The Matapédia Valley (vallée de la Matapédia) is a region of the Gaspé Peninsula in Quebec. Sometimes called "La Vallée", it is the western part of the Gaspé and the only one not to have access to the sea. The forest, mainly made up of spruce and fir trees, covers a large part of the region. Salmon fishing is a popular pastime in the many rivers in the valley. The river is interrupted by two large glacial lakes: Lac Matapédia and Lac au Saumon.
- 1 Amqui — the main town of the Matapédia, administrative and economic center of the Matapedia valley in the southwest of the peninsula; it has two covered bridges and is near the regional parks of Val-d'Irène and Seigneurie-du-Lac-Matapédia
- 2 Causapscal — second largest city in the valley
- 3 Matapédia — in the east of La Vallée, known for its salmon rivers
- 4 Sayabec — in the west of La Vallée, the third largest city in the valley
- 1 ZEC Casault — an 838-km² hunting and fishing controlled harvesting zone (zone d'exploitation contrôlée), where small animals can be hunted such as the hare, the ruffed grouse and coyote. ZEC Casault is also home to moose, deer and black bear. The most popular fishing is that of the brook trout
The land is primarily made up of forest and agriculture, and is home to more than 20,000 inhabitants in some thirty municipalities. Most of them are concentrated along the main avenue of communication, Route 132.
The Mi'kmaq people first developed the valley around 500 BCE. French-Canadian settlement began in 1833 when Pierre Brochu moved to Lake Matapedia along Kempt Road. Settlers began flocking to the land in the late 19th century with the development of land clearing, agriculture, and the logging industry.
The logging industry was the primary pull factor for settlers in the valley. The development of agriculture allowed for permanent colonies and the creation of Catholic parishes. Logging companies built the industrial framework necessary for the growth of the valley's villages.
Throughout its history, Matapedia Valley has shared much of its culture with the Acadians. You can see the Acadian flag in many municipalities in the area, notably Amqui, Causapscal, and Lac-au-Saumon.
From Montreal, Quebec, Rivière-du-Loup or Rimouski, take Autoroute 20 east until it ends at Mont-Joli, then continue on route 132 east towards Amqui. From Quebec, it is a 5-hour drive to reach Amqui.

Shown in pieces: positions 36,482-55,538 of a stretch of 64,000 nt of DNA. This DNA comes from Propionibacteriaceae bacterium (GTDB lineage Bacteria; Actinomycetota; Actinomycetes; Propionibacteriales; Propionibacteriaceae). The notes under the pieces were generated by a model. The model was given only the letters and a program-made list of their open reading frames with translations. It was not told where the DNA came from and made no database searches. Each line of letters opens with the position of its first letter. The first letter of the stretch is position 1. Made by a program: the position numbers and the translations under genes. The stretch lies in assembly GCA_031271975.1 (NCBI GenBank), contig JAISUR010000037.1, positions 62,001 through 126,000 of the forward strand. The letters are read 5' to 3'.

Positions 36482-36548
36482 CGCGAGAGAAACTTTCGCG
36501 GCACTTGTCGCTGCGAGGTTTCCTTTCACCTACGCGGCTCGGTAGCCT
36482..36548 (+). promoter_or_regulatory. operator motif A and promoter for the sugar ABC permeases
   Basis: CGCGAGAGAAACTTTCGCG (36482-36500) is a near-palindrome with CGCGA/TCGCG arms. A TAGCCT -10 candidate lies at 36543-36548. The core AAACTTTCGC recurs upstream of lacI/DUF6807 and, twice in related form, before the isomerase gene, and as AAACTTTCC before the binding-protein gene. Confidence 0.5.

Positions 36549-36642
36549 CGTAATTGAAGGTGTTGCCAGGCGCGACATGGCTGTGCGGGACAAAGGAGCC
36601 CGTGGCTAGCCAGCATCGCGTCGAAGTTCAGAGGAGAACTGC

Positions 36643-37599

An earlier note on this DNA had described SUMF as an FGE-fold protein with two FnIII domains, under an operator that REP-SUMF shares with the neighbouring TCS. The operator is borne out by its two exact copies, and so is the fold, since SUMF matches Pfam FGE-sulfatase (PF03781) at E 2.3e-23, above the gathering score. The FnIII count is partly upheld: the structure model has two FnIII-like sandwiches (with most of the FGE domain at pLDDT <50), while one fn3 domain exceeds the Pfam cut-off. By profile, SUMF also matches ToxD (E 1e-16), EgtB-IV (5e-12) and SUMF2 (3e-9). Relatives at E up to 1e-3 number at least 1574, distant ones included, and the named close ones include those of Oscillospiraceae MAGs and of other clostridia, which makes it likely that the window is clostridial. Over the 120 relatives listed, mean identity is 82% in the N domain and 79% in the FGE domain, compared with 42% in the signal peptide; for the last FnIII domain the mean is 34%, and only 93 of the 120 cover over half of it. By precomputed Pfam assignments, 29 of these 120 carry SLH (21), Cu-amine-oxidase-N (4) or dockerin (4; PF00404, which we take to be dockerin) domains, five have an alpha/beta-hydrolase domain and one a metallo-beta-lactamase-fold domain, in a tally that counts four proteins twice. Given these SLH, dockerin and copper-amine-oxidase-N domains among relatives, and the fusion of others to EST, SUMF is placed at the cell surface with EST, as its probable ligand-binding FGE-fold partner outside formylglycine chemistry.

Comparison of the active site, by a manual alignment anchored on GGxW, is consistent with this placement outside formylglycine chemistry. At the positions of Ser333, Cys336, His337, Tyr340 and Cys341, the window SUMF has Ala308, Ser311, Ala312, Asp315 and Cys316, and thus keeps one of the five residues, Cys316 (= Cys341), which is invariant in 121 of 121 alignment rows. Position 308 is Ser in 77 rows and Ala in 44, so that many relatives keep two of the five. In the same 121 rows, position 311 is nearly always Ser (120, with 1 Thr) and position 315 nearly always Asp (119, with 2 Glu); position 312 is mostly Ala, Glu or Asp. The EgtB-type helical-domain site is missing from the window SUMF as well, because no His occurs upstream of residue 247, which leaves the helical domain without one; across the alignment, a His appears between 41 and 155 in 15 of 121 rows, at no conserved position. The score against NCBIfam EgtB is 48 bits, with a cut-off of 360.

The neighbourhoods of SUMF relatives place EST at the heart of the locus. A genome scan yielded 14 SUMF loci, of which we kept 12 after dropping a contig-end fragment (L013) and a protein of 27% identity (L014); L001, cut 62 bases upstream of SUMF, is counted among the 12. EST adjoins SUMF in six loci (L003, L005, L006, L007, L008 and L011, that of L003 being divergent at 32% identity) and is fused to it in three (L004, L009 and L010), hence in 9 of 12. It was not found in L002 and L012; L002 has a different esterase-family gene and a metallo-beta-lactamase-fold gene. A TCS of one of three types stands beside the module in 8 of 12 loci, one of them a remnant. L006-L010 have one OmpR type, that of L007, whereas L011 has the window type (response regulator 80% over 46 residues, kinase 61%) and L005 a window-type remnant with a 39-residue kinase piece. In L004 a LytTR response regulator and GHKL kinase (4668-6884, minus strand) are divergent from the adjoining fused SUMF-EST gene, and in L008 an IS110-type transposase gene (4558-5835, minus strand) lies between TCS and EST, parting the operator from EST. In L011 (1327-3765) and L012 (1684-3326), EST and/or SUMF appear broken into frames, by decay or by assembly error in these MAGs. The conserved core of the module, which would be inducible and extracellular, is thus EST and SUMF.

Route 132 is also the access route to the region from the south and east of the Gaspé Peninsula. In addition, from New Brunswick, it is possible to cross directly at Matapedia to enter the valley or cross at Pointe-à-la-Croix and then take route 132 west to join the valley.
From the north and north-east of the Gaspé Peninsula, go to Matane on Route 132 and take Route 195 which goes to Amqui. From Matane, it is a 1-hour drive.
Route 132 is the main highway in the region. From Sayabec, it follows Lake Matapedia, then the Matapedia River.
Amqui's heritage railway station is a wooden building from 1904. There are two covered bridge nearby: one at Anses-Saint-Jean Bridge and the other in Amqui.
The Matapedia River and Plateaus Circuit is a tourist circuit along the Matapedia River and crossing the plateaus of the Matapedia valley. The Circuit of the gardens and covered bridges is a tourist circuit following Routes 132 and 195 to discover the floral and historical treasures of the region.
The Matapedia Valley is renowned for its outdoor activities, including skiing, hunting, and fishing. Salmon fishing is popular on Matapedia River.
Val-d'Irène offers 26 trails for snowboarders and downhill skiers in addition to many snowshoeing trails.
For hikers, the International Appalachian Trail cuts through the valley. Additionally, the Seignory of Lac-Matapédia Regional Park provides many trails through the Chic-Choc mountains.